It’s been a wild 12 months for Fortescue Metals Group Limited (ASX: FMG) shareholders!
The share price fell below $2 in 2016 as the iron ore price plunged to around US$20 per tonne and many analysts questioned whether the business could continue to operate with its large debt load.
Unbelievably, no more than 14 months later the share price surged over $6 as the demand for iron ore soared and the spot iron ore price rose above $100 yet again. Fortescue wisely used these funds to pay down debt and now it appears one of the best-placed miners on the ASX.
Where to from here?
Today the share price sits at around $4.85, putting the company on a trailing price to earnings ratio of around 11 and dividend yield of 4%, fully franked. The trailing figures don’t paint a particularly accurate picture however, as Fortescue will report vastly different numbers this year owing to the higher average price received per tonne of ore sold.
For example, Fortescue reported a profit of $1.2 billion for the 2017 first half, compared with $1.3b for the whole 2016 financial year.
Now that we’re nearly through the 2017 financial year, it’s worth having a look at what analysts estimate Fortescue will report for its full year result in August. Based on the mean forecast of the analysts that research the company:
- Net profit of $2.3b ($up from 1.3b)
- Earnings per share of 81 cents (up from 42 cents)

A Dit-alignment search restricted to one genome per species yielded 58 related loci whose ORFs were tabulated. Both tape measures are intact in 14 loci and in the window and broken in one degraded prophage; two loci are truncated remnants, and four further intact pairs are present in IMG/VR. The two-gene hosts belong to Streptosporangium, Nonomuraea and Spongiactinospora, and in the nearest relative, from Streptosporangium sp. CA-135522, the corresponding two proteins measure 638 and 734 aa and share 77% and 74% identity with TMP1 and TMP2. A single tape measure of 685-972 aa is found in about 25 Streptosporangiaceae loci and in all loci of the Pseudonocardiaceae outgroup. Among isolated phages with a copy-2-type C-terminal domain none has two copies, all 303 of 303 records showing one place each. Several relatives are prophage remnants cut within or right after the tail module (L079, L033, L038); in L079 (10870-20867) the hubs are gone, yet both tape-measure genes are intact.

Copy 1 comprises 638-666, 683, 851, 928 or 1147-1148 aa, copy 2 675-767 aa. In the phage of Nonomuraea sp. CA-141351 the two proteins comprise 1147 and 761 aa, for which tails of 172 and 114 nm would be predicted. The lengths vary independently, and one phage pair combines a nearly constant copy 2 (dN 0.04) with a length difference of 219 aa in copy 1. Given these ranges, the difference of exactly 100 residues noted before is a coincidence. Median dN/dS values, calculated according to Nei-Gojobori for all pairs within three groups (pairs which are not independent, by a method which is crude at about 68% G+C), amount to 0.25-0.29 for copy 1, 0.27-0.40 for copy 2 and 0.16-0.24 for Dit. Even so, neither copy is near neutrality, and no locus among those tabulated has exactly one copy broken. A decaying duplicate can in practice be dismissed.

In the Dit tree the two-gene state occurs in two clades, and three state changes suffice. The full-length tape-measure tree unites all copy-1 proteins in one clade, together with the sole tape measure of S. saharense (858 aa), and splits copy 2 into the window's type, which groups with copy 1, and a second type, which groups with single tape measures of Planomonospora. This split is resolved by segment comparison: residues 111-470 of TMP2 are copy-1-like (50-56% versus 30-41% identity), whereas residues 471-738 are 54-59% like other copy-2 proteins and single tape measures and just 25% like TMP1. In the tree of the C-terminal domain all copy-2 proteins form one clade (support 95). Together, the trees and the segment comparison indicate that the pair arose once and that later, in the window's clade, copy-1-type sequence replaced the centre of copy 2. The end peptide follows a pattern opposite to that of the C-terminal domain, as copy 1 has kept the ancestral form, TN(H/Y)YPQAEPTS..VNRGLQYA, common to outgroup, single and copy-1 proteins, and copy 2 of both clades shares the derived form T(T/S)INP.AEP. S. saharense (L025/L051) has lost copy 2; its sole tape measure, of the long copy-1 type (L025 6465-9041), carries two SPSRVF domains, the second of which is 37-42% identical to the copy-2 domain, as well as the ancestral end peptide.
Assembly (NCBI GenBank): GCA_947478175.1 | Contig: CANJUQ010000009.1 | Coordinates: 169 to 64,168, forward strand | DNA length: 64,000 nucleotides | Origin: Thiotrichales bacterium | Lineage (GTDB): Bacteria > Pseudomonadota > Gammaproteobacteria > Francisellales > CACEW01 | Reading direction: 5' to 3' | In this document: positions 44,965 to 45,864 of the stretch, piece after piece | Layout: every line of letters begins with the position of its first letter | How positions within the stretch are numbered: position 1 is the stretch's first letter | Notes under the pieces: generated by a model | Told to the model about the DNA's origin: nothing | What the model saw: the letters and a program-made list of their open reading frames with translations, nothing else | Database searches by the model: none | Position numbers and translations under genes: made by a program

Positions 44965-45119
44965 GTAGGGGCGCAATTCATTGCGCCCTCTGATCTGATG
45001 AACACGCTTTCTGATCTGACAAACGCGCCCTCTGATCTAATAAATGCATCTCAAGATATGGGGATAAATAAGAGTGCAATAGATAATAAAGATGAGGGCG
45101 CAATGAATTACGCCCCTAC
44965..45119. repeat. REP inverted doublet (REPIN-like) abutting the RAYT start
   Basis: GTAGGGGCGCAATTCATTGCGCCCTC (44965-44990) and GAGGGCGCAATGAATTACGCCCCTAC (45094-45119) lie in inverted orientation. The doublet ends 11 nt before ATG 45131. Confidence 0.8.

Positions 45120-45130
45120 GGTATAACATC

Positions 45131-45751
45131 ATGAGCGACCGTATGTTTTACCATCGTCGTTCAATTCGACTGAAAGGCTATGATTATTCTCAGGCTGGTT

- Dividend per share of 34 cents (up from 20 cents)
This would place Fortescue on a price to earnings ratio of just 6 and dividend yield of 7% fully franked!
Is Fortescue Metals Group Limited cheap again?
The problem with Fortescue is that it’s essentially impossible to predict what the company’s profit will be in the coming years. Unlike companies that can reasonably control the price of the goods they sell, Fortescue is a price taker and demand for the group’s ore is heavily linked to the requirements of China and India.
I believe there are definitely better investment opportunities than Fortescue available at the moment. Here’s an example:
This company’s dividend is almost the stuff of legends. Since it started paying dividends in 2007, it has increased its payout to shareholders every single year, a run that includes 21 consecutive dividend increases.
Based on the last 12-months of dividends, its shares are currently offering a fully-franked 4.8% yield, which grosses up to almost 7% when those franking credits are included. And in stark contrast to the likes of Commonwealth Bank and Telstra, this company just increased its dividend by over 13%, and guided for 2017 profits to grow by 20%!
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Motley Fool contributor Andrew Mudie has no position in any stocks mentioned. The Motley Fool Australia has no position in any of the stocks mentioned. We Fools may not all hold the same opinions, but we all believe that considering a diverse range of insights makes us better investors. The Motley Fool has a disclosure policy. This article contains general investment advice only (under AFSL 400691). Authorised by Bruce Jackson.